As you can see, I do ask for submissions (up to 1,500 words) so we can hit the ground running. Below, we find a nutshell description and an image of the official "me." Dr. Jekyll. We do have a good time. And I do believe that this workshop can move you forward. Click here for Course Details.

Meanwhile, here's that nutshell description: Anyone looking for today's most exciting writing should check out Narrative Non-Fiction, an emerging genre in which writers apply literary techniques to factual narrative. This course will orient writers within the genre, which includes both personal streams (memoir, autobiography, travelogue) and impersonal ones (true-crime writing, biography, historical narrative, immersion reporting). The workshop focuses on craft, and will include lectures, discussions, exercises, and workshopping student writing.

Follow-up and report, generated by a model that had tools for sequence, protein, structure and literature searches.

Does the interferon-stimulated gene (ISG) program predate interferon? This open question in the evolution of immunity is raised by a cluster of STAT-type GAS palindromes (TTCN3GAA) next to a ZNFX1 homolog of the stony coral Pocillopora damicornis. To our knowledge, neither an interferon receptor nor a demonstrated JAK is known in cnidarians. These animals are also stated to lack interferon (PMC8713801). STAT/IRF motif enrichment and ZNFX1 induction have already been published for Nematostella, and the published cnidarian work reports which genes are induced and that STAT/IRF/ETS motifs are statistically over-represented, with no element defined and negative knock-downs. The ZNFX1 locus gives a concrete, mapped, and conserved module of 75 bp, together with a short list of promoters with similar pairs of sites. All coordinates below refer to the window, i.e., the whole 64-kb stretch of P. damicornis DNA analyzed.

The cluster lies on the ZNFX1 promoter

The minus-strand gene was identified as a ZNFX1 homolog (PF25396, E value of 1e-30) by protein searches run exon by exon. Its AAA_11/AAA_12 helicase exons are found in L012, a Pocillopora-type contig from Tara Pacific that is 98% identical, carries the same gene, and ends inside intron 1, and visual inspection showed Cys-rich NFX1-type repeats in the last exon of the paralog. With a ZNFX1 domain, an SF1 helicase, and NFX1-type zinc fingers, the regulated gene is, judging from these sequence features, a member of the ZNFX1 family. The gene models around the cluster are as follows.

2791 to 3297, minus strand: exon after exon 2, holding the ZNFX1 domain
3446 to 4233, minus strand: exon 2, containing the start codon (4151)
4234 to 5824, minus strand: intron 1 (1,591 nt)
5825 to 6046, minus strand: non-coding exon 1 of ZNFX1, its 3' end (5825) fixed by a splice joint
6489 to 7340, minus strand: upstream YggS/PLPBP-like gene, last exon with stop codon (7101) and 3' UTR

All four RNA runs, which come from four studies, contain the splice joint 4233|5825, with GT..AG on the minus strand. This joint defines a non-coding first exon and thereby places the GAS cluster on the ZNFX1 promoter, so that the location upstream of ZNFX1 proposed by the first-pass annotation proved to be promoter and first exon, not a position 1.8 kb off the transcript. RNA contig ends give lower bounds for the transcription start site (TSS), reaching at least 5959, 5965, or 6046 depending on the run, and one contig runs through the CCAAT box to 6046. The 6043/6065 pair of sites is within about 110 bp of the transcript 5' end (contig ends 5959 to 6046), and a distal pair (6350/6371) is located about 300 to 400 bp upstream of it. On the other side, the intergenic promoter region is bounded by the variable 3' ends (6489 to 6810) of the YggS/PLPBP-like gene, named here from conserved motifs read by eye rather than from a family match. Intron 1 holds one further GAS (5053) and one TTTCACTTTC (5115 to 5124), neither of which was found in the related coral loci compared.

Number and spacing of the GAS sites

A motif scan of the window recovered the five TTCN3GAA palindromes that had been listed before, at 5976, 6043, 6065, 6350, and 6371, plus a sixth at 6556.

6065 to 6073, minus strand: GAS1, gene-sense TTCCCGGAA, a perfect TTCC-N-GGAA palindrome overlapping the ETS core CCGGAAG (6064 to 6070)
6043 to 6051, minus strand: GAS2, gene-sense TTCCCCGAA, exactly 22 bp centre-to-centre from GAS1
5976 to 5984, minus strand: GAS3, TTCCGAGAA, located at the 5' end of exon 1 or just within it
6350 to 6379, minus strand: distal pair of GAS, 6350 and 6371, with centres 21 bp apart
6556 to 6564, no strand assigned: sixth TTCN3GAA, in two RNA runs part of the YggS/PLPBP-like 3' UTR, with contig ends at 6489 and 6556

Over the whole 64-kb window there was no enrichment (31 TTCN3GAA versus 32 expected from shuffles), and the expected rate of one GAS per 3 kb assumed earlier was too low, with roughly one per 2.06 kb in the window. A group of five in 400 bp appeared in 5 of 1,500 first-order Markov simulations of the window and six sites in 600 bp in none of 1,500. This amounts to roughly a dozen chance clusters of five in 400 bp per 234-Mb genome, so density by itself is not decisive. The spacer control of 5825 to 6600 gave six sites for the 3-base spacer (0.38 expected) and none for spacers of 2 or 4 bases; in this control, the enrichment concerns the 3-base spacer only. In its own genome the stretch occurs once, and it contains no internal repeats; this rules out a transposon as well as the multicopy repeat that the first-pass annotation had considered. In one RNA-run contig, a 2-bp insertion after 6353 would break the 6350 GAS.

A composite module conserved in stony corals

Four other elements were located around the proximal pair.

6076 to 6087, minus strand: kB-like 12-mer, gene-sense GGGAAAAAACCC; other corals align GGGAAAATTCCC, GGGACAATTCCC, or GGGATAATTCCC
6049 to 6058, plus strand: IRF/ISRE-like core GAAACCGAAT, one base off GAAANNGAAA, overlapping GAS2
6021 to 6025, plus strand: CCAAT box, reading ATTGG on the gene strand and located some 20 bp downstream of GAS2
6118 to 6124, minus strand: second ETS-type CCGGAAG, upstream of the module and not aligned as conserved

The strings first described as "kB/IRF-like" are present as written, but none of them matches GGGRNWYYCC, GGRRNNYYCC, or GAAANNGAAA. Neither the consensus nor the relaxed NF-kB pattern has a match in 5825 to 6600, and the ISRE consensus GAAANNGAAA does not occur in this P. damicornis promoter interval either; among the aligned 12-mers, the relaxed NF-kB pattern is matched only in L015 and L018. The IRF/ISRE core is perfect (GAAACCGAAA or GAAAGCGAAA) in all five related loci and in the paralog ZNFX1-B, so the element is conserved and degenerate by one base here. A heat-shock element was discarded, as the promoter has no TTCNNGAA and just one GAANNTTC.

You have to register before submitting material.  Please submit a story--maximum 1,500 words:  Note:  these pieces will be uploaded so that students can read each other's work before the start of the course.
Required Textbook: The Art of Fact: A Historical Anthology of Literary Journalism by Kevin Kerrane and Ben Yagoda, ISBN-13: 978-0684846309--available at the U of T Bookstore.

Saturday, April 30, 2016

At last we hear the ringing voice of an ex-Montrealer